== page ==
Thanks to a partnership between Six Flags and Samsung Gear VR, thrill rides are getting a little more, well, thrilling.
Roller coasters are scary, thrilling, and, for many enthusiasts, fun. Virtual Reality (VR) is also, depending on the content, scary, thrilling, and fun. Putting the two together into one experience might sound like overkill, enough to make your head explode, but that’s precisely what Six Flags and Samsung are doing by launching America’s first Virtual Reality (VR) coasters at nine of its theme parks across the country. We had a chance to try out the experience first-hand and are happy to report that our heads didn’t explode. We even lived to eat lunch a mere 15 minutes after our third ride in a row.
With all nine coasters, the setup is the same: you put on the Oculus-powered Samsung Gear VR headsets and then you ride on an actual attraction. What you see in VR is coordinated with the movements along the roller coaster track, all thanks to sensors on the track and Bluetooth in the headset.
At Six Flags Magic Mountain near Los Angeles, VR has been applied to the Revolution roller coaster, a red-white-and-blue classic that opened in 1976, the year of the United States Bicentennial. Redubbed The New Revolution for its VR enhancements, the iconic thrill ride has an intense 45-foot diameter loop and 3,457 feet of tubular steel track.
As soon as we hopped aboard, attendants helped us secure the fit and focus settings on the Samsung Gear VR headset. (Yes, even people with glasses can wear it.) Once you’re wearing the headset, you’re transported into the make-believe cockpit of a fighter jet, rising up an elevator to a lift-off point—the coaster’s initial climb and plummet. Throughout the ride, you fly up and down, in and around buildings, smashing through signs and windows, near-missing underpasses and buildings, shooting baddies until you calmly land on the runway of an aircraft carrier. It’s essentially the ultimate motion simulator ride.
So how does the enhanced ride compare to the old-fashioned experience? Whereas roller coasters are scary in and of themselves—giving riders the unparalleled anticipation of every twist, plummet, and turn ahead—the lack of perspective on the VR experience makes it a little less terrifying. You’re less aware of what’s ahead, so you’re less nervous. Of course, it’s still thrilling, especially when you do hit that loop without warning.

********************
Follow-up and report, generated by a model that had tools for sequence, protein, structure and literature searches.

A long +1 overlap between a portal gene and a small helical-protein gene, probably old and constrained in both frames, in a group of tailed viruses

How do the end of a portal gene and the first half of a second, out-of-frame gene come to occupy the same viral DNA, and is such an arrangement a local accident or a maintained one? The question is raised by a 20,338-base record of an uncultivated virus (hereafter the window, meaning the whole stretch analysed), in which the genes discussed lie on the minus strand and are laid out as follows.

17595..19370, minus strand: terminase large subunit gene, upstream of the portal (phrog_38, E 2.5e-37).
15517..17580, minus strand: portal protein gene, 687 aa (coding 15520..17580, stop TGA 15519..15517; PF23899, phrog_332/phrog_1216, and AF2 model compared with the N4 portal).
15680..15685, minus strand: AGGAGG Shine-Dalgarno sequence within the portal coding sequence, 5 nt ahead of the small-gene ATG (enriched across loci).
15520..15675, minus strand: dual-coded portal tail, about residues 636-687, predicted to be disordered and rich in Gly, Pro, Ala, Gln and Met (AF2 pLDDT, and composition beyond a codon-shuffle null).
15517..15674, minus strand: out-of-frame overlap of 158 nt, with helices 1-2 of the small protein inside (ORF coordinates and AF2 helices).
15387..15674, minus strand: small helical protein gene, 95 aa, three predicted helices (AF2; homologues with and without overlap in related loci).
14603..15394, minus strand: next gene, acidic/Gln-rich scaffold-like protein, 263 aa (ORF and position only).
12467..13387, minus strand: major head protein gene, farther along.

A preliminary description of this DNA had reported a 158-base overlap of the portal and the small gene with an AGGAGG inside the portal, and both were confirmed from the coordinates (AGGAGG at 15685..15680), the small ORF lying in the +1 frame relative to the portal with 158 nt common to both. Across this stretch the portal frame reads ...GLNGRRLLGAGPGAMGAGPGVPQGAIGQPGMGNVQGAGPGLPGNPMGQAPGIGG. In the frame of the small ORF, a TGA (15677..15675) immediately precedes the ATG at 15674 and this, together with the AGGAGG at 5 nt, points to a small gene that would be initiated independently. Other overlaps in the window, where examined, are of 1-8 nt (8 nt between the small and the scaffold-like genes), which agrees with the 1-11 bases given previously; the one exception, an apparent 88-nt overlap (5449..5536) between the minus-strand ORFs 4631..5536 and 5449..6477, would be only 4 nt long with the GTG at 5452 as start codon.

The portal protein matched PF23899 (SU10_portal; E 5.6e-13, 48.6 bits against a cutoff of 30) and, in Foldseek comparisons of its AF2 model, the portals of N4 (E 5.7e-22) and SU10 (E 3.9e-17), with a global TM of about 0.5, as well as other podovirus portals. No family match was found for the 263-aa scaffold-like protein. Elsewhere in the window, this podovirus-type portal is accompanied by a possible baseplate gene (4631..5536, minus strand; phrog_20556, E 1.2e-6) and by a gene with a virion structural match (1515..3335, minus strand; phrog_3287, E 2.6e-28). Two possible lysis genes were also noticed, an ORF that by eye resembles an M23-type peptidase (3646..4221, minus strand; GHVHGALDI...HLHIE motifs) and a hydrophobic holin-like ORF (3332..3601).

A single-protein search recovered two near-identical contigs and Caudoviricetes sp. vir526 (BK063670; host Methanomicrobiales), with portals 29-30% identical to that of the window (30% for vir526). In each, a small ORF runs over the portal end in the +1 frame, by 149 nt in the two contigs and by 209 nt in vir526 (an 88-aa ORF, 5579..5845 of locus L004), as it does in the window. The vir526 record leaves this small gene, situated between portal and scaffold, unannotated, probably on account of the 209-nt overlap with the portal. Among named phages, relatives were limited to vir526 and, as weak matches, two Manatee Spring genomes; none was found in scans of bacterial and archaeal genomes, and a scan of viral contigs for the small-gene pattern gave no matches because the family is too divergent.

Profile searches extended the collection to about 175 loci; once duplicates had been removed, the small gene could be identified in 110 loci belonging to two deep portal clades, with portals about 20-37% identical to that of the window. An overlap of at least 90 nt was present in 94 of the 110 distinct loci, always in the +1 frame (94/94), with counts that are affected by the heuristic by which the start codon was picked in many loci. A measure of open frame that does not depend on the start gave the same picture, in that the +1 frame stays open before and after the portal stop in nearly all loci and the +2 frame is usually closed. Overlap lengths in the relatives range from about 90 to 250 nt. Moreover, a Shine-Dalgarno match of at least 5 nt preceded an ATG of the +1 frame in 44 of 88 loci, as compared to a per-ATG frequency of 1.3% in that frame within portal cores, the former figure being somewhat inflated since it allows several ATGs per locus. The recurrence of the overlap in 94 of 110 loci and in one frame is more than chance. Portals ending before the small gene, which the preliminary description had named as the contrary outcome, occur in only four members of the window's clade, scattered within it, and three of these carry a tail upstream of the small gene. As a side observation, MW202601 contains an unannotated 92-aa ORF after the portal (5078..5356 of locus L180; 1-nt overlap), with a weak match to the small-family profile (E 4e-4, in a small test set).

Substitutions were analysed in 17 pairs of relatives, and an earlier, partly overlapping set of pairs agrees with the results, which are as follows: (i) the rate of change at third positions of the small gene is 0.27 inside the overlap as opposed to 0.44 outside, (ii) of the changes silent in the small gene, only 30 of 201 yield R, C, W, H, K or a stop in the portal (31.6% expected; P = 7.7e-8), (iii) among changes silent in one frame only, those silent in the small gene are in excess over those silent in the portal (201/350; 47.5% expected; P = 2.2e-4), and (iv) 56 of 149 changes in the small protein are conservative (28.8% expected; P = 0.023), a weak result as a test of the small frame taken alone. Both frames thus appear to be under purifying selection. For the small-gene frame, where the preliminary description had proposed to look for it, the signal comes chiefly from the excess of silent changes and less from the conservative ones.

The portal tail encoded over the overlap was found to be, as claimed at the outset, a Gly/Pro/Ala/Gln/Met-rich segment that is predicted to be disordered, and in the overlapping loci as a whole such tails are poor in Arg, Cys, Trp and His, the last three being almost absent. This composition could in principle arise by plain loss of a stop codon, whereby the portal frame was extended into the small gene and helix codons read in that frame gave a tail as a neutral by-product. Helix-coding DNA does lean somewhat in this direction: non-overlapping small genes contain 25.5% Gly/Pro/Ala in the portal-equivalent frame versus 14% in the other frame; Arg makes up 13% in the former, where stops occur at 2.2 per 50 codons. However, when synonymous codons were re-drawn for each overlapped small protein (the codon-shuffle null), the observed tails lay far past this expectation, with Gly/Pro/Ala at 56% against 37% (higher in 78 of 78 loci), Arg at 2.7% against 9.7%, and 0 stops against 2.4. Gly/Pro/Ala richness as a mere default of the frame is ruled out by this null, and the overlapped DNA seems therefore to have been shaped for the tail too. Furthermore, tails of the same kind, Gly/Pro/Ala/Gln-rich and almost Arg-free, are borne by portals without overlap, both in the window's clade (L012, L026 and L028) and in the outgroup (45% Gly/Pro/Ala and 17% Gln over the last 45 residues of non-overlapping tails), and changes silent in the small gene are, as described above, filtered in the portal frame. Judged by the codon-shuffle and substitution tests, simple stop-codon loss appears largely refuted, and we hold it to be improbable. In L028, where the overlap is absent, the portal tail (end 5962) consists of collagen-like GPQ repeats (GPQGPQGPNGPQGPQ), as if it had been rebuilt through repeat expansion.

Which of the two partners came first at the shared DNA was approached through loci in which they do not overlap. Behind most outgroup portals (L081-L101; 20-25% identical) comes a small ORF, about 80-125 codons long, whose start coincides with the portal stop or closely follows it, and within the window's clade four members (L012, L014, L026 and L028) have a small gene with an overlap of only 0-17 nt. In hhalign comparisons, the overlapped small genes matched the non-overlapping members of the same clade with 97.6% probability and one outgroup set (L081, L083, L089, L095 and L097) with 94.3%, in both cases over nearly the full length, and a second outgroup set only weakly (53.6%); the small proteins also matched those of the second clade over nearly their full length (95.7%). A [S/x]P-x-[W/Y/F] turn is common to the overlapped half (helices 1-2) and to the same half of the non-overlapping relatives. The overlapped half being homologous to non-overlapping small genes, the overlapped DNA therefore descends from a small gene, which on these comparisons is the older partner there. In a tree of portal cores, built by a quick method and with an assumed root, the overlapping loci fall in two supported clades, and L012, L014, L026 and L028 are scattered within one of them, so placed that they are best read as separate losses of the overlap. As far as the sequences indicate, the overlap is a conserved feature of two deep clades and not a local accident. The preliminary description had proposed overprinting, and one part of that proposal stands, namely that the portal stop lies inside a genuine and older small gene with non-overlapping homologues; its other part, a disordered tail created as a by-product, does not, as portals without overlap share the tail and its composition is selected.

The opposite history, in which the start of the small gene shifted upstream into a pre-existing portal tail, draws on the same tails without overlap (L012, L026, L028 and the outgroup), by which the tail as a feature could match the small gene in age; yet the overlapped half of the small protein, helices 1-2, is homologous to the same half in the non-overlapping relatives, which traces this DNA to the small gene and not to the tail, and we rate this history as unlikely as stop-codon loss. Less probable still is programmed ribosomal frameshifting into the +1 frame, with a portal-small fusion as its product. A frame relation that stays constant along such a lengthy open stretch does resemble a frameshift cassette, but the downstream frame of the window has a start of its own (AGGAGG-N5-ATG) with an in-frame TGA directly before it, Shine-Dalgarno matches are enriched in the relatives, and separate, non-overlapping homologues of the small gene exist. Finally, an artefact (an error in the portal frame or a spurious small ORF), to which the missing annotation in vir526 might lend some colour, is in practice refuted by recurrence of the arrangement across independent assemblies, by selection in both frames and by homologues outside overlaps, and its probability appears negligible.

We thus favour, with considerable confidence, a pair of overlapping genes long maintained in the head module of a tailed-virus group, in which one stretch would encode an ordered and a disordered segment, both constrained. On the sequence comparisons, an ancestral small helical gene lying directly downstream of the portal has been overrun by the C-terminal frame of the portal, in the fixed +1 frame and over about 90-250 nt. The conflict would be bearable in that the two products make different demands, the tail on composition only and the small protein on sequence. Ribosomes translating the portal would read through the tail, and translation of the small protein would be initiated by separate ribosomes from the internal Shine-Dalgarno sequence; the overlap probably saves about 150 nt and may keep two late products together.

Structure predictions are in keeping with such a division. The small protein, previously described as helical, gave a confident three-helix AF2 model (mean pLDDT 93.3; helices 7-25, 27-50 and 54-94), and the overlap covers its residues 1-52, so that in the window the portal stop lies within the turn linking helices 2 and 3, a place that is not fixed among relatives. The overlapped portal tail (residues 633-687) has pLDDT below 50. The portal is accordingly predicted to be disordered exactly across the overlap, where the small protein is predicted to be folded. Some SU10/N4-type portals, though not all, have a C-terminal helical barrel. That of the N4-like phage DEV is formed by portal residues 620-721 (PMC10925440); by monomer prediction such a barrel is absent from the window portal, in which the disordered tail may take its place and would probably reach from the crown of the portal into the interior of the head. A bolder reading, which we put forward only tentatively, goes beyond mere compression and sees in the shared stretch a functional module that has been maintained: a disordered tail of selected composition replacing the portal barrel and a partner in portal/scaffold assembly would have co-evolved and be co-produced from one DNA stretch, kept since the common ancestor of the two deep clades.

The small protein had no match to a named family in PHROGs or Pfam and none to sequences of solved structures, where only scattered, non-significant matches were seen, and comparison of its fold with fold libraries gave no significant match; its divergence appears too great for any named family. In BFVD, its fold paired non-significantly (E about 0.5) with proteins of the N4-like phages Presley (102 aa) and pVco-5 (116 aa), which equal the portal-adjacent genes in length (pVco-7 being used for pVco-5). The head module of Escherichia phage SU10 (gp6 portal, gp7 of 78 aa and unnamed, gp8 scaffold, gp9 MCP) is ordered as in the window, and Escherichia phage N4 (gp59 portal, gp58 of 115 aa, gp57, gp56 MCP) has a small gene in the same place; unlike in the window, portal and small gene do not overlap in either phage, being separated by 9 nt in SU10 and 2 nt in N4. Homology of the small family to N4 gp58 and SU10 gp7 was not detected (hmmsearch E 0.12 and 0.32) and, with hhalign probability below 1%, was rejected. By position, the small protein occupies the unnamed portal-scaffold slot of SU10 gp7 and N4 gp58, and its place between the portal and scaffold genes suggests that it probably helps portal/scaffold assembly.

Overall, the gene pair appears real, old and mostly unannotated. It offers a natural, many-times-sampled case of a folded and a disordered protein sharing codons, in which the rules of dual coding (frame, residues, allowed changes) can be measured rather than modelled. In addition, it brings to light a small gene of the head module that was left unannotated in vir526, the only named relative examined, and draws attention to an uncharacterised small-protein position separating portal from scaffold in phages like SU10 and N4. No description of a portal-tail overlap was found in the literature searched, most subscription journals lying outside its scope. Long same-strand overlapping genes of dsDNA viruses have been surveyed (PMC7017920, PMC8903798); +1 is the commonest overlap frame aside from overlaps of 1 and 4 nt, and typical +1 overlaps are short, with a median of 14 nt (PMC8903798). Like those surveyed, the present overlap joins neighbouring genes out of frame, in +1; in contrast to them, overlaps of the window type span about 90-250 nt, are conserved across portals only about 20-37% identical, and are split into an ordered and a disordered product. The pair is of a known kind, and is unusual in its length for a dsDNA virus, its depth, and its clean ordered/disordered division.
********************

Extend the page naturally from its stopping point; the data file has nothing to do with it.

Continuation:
It was hard to decide which version was scarier or more thrilling—the Revolution with VR or without. But in the end, ‘reality’ wins out over ‘virtual reality’ by a very thin margin. The good news: if you’re willing to wait in line twice, you can still try it both ways.
Thomas Wagner, founder of VR Coaster, the German-based developer that created the experience, says that VR gives theme parks more opportunities to reinvent rides, creating entirely new experiences out of old attractions. “VR is opening up more possibilities in terms of theming,” he added, referring to the ability to refashion an existing ride around a new Marvel superhero movie or trending topic. “VR offers theme parks an opportunity for real-world storytelling, iconic characters, even interactive video games.” In other words, the ability to re-skin a roller coaster by just changing the VR channel means that visitors won’t have to wait so long for upgrades in the future.
Ready to try a VR coaster for yourself? The first three—Shock Wave at Six Flags Over Texas, Dare Devil Dive at Six Flags Over Georgia, and The New Revolution—are already open to season pass holders, and will open to the general public later in April. The next wave of openings will bring the trend to Six Flags parks in St. Louis, upstate New York, and New England. And you can also try it out at other parks, such as the Alpenexpress Coastiality at Germany’s Europa Park and the XR Roller Coaster at Universal Studios Japan.